Community colleges give students an inside look at what college is all about and can help them determine the pathway for their futures. Karen Whiteside McAlister said, “It’s a great way to get some college credit without spending a lot of money. It’s about one-third to one-half the cost of a university. Plus, it’s close to home, so you don’t have the cost of housing or commuting. It also gives students an opportunity to see what college classes are like before heading off to a bigger city and investing a lot of money only to find that a particular major or big city lifestyle does not suit them.”
Students who earn their associate degrees at Panola College are considered core-complete at any state university in Texas. “Both of my kids took advantage of the dual credit classes that were offered while they were at CHS and then attended Panola for a year before moving on to a major college,” Marsha Barden said.
Transition to universities has been made easier through articulation agreements with Stephen F. Austin State University, the University of Texas at Tyler, the University of North Texas, Sam Houston State University, and East Texas Baptist University. Courses have been compared and approved for transfer by these universities, so that students may focus on upper level course work once they reach the university.
The Texas Education Agency, the Texas Higher Education Coordinating Board, and the Texas Workforce Commission have collaborated to develop pathways for students to ensure college and career readiness. Part of this new initiative involves bringing junior high school students to the Panola College campus to get a glimpse of the variety of programs and careers available.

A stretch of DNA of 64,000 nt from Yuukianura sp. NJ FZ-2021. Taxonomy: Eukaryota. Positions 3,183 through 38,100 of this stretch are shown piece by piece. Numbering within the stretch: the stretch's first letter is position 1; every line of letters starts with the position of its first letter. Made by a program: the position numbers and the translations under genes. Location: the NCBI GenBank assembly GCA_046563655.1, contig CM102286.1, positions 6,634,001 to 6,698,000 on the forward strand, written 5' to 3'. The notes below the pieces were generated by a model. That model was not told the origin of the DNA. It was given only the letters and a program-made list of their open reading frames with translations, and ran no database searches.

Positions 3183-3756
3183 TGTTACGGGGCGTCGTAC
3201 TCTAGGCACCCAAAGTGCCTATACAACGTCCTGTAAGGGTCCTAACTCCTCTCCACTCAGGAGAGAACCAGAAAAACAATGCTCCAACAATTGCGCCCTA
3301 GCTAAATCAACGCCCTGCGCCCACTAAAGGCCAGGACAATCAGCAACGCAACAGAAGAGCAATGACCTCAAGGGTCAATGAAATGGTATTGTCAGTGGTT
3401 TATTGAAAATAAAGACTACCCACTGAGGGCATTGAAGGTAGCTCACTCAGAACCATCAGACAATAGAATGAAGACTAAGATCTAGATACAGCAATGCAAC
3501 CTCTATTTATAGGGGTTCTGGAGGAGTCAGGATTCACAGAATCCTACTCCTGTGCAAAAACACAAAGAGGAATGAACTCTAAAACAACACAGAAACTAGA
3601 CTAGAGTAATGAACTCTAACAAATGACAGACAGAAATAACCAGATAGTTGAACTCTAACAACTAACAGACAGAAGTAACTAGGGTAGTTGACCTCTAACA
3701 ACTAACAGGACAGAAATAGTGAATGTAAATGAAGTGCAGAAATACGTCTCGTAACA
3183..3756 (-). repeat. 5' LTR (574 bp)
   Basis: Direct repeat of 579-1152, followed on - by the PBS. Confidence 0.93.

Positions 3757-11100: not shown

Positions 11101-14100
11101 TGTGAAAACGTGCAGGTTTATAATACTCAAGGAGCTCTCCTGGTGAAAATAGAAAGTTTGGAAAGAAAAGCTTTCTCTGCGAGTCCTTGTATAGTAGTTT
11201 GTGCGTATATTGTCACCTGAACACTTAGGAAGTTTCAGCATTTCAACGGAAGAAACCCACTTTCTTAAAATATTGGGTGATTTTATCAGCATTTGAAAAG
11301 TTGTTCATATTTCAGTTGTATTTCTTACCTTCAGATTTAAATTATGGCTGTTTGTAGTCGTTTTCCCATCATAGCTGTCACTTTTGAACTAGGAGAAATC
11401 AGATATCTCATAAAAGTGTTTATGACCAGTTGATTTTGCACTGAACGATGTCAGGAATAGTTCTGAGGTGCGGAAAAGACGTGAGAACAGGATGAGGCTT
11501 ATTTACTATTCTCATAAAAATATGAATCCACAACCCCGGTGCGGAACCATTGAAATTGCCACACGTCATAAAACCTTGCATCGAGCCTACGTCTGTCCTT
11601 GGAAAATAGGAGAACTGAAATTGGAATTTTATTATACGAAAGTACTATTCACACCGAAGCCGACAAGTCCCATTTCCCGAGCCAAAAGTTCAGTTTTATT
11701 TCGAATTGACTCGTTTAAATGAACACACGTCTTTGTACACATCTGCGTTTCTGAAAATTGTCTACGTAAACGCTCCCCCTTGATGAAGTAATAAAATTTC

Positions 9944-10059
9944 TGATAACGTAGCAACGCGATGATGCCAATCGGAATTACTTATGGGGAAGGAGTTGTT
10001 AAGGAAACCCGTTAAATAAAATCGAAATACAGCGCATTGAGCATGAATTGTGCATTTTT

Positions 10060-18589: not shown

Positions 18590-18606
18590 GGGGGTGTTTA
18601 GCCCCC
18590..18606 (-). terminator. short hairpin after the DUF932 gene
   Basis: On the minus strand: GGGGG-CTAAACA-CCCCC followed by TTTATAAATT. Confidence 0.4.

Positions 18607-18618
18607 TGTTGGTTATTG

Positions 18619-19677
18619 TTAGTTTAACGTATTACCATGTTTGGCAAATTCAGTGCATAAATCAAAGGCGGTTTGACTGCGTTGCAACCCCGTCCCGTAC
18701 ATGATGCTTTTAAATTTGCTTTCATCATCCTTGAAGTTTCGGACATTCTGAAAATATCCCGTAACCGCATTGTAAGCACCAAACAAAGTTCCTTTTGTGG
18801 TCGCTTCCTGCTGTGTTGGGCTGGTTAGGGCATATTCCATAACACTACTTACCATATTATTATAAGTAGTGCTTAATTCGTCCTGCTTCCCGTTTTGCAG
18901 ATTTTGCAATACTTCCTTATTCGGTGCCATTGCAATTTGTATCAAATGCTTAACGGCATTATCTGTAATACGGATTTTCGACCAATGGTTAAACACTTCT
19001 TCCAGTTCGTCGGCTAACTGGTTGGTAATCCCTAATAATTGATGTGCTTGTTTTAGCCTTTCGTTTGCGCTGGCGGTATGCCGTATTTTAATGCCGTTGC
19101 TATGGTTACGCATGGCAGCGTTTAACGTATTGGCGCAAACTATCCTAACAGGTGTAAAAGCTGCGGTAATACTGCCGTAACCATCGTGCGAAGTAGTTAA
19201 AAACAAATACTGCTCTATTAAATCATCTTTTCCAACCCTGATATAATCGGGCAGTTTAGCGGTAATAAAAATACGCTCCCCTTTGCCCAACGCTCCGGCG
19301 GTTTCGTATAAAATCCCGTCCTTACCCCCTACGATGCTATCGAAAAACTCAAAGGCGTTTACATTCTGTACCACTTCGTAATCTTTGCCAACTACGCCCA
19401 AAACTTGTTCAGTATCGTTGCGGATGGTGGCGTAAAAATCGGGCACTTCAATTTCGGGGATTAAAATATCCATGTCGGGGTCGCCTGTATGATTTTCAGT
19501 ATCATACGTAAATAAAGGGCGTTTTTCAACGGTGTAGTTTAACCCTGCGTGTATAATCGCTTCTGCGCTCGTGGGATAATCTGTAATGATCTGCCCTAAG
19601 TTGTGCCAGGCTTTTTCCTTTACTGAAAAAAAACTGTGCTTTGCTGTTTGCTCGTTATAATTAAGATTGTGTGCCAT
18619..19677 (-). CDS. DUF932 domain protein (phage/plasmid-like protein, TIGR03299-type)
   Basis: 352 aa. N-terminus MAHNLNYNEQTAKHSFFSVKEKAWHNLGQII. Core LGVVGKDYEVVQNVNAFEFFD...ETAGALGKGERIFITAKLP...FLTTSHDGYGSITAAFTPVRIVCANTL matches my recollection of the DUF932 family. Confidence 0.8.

Panola’s associate of applied science and certificate programs offer a shorter track to career readiness through diverse programs including welding, petroleum technology, medical coding, and cosmetology, among others. “The one and two-year certificate and associate degree programs provide a fantastic, affordable opportunity for many residents to increase their marketable job skills and earning power,” Karen added.
In addition to the academic and technical areas, Panola College brings a vibrant fine arts and athletics program to the community. The chorale, Panola Pipers and band offer frequent concerts and other musical events, including the annual “Christmas in Carthage” extravaganza that involves other community groups.
Antione Morrow came to Panola College on a band scholarship after graduating from Elysian Fields High School. “We didn’t have much at that time in order for my family to support my decision to go to college. My band director, Ty Hood, mentioned the band scholarship program at Panola, and in fall 2009, I was a Panola College student. It was one of the greatest decisions I’ve made. I’ve met hundreds of people that I wouldn’t have known if I didn’t choose to be a part of the Panola College community.”
After taking some time off, Antione went to ETBU in Marshall and will graduate in December. “Panola College played a key part in helping me decide what I wanted to do for the rest of my life. I will always be proud to be a Pony!”